Disability Tax Credit

Get back taxes you never should have paid!


More than 3 million Canadians have a disability and they depend on someone for support. If you are a parent or a grandparent, brother, sister, uncle, aunt, niece or nephew supporting a person with a disability you may be entitled to a substantial refund from the federal government. Many caregivers are unaware that they can recover taxes they never should have paid. The Disability Tax Credit is a non-refundable tax credit that will reduce the amount of income tax you have to pay and it may produce a tax refund for past taxation years.

 

Parents and caregivers of people with a disability can claim past income tax credits for up to ten years.  People with disabilities or their caregivers can have their income tax returns reassessed back up to ten years.

 

Caregivers have received refunds of $12,000, $17,000, $51,000 or more. Thousands of Canadian families, who care for a person with a disability, may be eligible to receive thousands of dollars in refunds from income tax they have already paid.

 

Since 1993 LifeTRUST Planning has been helping families of a person with a disability recover taxes they never should have paid.  As the first organization in Canada to help families recover taxes they never should have paid our record speaks for itself.

 

The benefits of Qualifying for the Disability Tax Credits (DTC)

  • Recover taxes the caregiver never should have paid

  • Reduce the amount of taxes the caregiver has to pay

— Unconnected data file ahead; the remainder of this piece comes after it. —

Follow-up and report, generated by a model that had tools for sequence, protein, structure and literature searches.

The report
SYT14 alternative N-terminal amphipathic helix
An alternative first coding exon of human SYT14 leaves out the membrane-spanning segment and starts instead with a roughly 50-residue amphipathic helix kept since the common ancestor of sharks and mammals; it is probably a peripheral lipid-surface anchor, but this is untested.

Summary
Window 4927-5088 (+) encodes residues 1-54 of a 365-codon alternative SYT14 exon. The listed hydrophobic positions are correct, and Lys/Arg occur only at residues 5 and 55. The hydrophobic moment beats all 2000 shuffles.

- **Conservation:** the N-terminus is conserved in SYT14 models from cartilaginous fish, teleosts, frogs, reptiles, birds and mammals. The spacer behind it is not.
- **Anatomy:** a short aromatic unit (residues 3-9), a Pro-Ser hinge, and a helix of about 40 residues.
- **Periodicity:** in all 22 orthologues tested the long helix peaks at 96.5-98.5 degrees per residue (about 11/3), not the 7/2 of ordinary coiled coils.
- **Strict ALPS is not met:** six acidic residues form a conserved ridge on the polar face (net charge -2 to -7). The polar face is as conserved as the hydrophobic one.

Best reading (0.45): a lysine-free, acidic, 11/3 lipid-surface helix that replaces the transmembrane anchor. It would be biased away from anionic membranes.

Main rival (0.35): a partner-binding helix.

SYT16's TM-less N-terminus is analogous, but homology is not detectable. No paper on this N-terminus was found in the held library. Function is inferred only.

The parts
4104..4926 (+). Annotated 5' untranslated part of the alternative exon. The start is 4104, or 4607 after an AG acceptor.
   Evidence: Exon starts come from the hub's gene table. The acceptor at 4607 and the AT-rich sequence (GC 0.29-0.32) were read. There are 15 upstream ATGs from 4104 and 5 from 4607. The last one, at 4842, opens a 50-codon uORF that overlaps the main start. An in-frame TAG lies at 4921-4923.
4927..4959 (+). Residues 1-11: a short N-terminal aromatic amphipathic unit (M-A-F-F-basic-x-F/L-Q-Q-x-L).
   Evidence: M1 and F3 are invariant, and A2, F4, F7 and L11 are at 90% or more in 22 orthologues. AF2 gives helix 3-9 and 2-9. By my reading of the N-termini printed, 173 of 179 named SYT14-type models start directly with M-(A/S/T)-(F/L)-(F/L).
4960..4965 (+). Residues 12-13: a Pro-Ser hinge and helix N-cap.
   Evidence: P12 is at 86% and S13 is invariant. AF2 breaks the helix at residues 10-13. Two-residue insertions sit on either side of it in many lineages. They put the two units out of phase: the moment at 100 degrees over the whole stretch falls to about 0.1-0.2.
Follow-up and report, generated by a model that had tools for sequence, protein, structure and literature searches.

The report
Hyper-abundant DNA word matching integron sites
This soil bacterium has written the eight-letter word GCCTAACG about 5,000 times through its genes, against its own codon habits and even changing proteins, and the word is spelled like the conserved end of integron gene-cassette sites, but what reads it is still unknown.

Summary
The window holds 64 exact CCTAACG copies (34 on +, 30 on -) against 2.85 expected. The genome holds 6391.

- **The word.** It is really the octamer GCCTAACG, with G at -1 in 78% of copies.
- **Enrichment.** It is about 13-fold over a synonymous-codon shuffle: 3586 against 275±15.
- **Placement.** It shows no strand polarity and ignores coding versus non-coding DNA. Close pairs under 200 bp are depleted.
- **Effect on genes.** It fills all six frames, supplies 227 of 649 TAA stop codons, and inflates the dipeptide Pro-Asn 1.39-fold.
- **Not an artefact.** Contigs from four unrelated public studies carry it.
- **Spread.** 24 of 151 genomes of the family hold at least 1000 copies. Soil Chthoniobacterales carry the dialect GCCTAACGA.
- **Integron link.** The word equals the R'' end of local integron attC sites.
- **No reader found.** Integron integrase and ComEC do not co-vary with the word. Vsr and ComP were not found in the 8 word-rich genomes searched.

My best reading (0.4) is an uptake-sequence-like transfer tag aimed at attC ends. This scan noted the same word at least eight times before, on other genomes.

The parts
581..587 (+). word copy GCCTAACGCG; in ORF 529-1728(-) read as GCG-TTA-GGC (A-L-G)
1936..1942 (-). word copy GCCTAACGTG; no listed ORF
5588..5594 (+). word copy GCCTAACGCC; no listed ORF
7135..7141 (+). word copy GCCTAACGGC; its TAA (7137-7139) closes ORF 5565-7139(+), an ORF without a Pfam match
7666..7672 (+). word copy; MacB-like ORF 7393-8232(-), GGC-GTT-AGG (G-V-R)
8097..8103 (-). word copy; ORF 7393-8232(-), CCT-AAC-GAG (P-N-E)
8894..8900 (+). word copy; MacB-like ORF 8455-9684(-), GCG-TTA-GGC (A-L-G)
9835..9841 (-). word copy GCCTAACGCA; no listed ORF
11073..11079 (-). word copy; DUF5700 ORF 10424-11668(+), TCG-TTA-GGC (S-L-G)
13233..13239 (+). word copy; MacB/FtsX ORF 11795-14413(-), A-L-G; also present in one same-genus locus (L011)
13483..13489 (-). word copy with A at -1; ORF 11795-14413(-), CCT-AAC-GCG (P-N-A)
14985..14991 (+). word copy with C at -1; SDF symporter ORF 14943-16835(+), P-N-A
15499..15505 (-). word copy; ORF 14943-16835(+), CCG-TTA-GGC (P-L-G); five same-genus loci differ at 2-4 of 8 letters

• Family caregiver amount

  • Medical expense tax credit

  • The Registered Disability Savings Plan

  • The tax free rollover of an RRSP or RRIF

  • The disabled survivor benefit for certain pension plans i.e. OMERS, Ontario Teacher’s Pension Plan

 

Parents and caregivers of people with a disability can claim past income tax credits for up to ten years.  People with disabilities and their caregivers can have their income tax returns reassessed back up to ten years. The 2004 federal budget restricted back filing after Dec. 31st 2004 to ten years. People with disabilities or their caregivers who have never claimed the Disability Tax Credit [DTC] should claim it now. Some claimant families have received refunds of $12,000.  $17,000, $51,000, or more. Thousands of Canadian families, who care for a person with a disability, may be eligible to receive thousands of dollars in refunds from income tax they have already paid.

 

WHO CAN BENEFIT?

More than 3 million Canadians have a disability and depend on someone for support. A caregiver may be a senior caring for a disabled spouse or a common law partner, a child caring for a disabled parent, or grandchild, grandparent, brother, sister, uncle, aunt, niece or nephew. Any one of these caregivers is eligible to file or back file for this tax credit. However many of these people are unaware of the Disability Tax Credit’s existence? The tax credit is a non-refundable tax credit that reduces the amount of income tax payable and it may create a refund for past taxation years.